Select Committee on Transport, Local Government and the Regions Appendices to the Minutes of Evidence

Supplementary memorandum by the Social Exclusion Unit (Bus 52A)

   The Social Exclusion Unit gave evidence to the Transport sub-committee's Bus Inquiry on 21 May. During this hearing we agreed to provide supplementary evidence in response to specific questions on our research from Mr Gregory Campbell and Mr Bill O'Brien. This additional information is attached at annexes A and B.

Catherine Doherty

Social Exclusion Unit

11 June 2002

Annex A

  This evidence has been provided in response to a series of questions from the committee member Mr O'Brien to which the SEU undertook to provide an additional note.

    "Arising out of your report, and I notice there has been a lot of research done, which areas are you concentrating on for research? In what areas did you canvass people?" (Question 509/10 in the transcript for 21 May)


  As part of establishing a secure evidence base for the transport and social exclusion project the SEU commissioned five local area studies. The idea was to produce both quantitative and qualitative evidence as to the extent to which the current transport system reduces people's access to essential services including work, learning and health care.

  The areas were chosen as exemplars of different types of settlements, including both rural and urban, and because they contain high levels of deprivation across the whole area or in "hidden pockets" within it.

  The research, carried out on the SEU's behalf by external consultants, involved five key elements:

    —  mapping key local services and transport provision;

    —  in-depth interviews and focus groups with both users and non-users of transport;

    —  interviews with transport providers, local service providers and employers;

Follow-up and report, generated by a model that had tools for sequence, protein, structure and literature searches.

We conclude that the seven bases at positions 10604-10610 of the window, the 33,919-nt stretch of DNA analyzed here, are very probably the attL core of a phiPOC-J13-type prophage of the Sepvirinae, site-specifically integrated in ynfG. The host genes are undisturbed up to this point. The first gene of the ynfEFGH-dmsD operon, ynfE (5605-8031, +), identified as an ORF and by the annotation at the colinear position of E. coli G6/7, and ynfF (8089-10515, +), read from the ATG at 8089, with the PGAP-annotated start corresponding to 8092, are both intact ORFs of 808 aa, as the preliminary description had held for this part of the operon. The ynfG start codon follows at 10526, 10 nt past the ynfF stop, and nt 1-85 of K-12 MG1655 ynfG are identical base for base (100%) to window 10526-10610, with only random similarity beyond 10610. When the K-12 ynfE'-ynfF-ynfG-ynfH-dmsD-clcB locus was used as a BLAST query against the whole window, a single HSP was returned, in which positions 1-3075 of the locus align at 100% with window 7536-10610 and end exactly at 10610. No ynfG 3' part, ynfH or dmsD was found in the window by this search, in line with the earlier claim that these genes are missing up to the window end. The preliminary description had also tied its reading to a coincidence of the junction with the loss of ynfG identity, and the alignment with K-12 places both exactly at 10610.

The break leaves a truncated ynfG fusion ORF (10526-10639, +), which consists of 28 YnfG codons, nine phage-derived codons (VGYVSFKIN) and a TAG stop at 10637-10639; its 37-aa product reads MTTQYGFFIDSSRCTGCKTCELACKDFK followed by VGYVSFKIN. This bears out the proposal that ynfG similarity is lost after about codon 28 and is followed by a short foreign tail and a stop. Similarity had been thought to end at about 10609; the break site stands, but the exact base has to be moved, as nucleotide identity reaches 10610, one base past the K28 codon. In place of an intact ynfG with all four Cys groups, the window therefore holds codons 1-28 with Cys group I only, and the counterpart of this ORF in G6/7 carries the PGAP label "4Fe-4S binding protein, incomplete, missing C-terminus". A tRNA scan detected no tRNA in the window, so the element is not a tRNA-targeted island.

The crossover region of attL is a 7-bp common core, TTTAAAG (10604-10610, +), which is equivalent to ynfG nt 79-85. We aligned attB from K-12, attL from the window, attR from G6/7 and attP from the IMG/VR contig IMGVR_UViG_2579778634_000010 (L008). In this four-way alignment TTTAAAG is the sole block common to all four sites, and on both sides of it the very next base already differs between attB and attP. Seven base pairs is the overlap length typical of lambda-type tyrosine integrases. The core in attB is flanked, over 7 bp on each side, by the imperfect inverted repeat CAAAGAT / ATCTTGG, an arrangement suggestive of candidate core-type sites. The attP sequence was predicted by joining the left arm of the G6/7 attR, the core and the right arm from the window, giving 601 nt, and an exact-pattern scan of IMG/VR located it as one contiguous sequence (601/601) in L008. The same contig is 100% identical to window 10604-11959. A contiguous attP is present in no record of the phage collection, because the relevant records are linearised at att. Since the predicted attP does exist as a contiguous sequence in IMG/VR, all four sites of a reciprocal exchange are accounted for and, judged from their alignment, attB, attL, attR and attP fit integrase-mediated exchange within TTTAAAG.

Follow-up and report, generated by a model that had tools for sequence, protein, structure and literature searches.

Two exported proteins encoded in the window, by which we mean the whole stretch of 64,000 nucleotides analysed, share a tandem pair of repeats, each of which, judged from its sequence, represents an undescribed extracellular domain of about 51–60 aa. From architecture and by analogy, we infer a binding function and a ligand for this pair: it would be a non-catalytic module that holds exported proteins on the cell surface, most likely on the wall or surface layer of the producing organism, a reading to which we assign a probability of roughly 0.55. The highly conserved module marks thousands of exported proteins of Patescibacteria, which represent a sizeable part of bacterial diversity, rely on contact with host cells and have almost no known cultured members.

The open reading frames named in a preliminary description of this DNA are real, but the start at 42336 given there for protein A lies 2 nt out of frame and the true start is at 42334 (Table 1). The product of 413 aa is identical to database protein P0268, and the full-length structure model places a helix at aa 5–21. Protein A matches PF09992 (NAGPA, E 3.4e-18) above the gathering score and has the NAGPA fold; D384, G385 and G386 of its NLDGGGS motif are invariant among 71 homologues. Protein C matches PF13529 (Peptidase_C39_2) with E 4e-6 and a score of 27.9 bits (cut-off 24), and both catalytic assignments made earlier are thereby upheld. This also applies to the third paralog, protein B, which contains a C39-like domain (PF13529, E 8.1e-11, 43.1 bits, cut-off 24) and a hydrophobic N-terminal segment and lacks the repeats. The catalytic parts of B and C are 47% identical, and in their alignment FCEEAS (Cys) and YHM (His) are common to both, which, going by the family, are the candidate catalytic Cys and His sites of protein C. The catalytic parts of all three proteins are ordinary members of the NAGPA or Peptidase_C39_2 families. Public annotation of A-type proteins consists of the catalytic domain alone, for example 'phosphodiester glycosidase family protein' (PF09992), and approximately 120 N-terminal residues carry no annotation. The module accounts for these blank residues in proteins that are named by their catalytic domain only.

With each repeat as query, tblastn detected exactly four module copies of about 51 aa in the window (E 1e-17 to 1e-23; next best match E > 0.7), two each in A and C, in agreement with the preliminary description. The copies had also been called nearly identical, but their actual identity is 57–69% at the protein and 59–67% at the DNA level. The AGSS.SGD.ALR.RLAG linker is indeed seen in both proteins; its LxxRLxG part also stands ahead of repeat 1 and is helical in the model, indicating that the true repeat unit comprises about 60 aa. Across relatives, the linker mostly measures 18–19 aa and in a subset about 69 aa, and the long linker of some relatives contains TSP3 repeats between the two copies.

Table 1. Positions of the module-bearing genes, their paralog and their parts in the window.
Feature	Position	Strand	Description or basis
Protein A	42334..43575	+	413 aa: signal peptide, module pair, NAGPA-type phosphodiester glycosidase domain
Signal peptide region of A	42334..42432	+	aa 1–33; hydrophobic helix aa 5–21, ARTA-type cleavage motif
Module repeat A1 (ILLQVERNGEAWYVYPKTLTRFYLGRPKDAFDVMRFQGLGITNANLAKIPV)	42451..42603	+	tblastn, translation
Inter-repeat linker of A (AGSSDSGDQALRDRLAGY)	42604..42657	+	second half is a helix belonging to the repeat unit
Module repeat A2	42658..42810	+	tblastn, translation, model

—  evaluation of new transport initiatives in each of the areas;

    —  all of these strands will feed into an analysis of the costs and benefits of developing low, medium and high levels of improvement to transport services within the areas studied.

  A summary report comparing the findings of the five areas is currently being prepared. We will arrange for copies to be made available to the committee upon its completion.

The individual characteristics of the five areas studied

1.   Liverpool (Metropolitan)

  North Huyton

    —  10 kilometers from Liverpool City centre;

    —  Princess ward, Knowsley MBC;

    —  Eighth Index of Multiple Deprivation (IMD) 2000[35], New Deal for Communities (NDC) area; and

    —  Merseytravel are responsible for transport.

2.   Nottingham (urban)


    —  6 kilometres from Nottingham City centre;

    —  Bulwell east and west wards, Nottingham City Council (Unitary);

    —  Bulwell east 395th IMD 2000, Bulwell west 604th IMD 2000;

    —  Nottingham City Council are responsible for transport.

3.   Newcastle (post-industrial suburban)

  Moor Park

    —  12 kilometres from Newcastle City centre;

    —  Collingwood ward, North Tyneside;

    —  680th IMD 2000; and

    —  Nexus PTE responsible for transport.


    —  7 kilometers from Newcastle City centre;

    —  Lemington ward, Newcastle Upon Tyne MBC;

    —  1460th IMD 2000 (ie not in 10 per cent most deprived but pockets of hidden deprivation within a relatively affluent area); and

    —  Nexus PTE responsible for transport.

4.   London (inner city)

  Broadwater Farm Estate:

    —  13 kilometres from centre of London;

    —  West Green ward, LB Haringey;

    —  857th IMD 2000 (ie not in 10 per cent most deprived but Broadwater Farm estate is recognised as closer in socio-economic character to the adjacent Bruce Grove ward 207th IMD 2000); and

    —  Transport for London responsible for transport

5.   Devon (rural)

  East and West Worlington, North Devon:

    —  22 kilometres from Tiverton and 14 kilometres from South Molton;

    —  Chumleigh ward;

    —  3337th IMD 2000 (ie not in 10 per cent most deprived but accessibility ranking is only 325th and since 2000 the only bus service has been withdrawn);

    —  Devon County Council responsible for transport.

  Stockland, East Devon:

    —  10 kilometres from Honiton;

    —  Yarty ward;

    —  5566th IMD 2000 (ie not in 10 per cent most deprived but accessibility rank 178th and recently introduced Fare Car scheme);

    —  Devon County Council responsible for transport.


The Consultation

  The transport and social exclusion consultation ran from July 26 to late October. Over 3,000 consultation letters were distributed to people and organisations with an interest in transport and social exclusion issues, including local authorities, commercial operators, academics, local residents, user groups and non-transport service providers (NHS trusts and colleges, for example).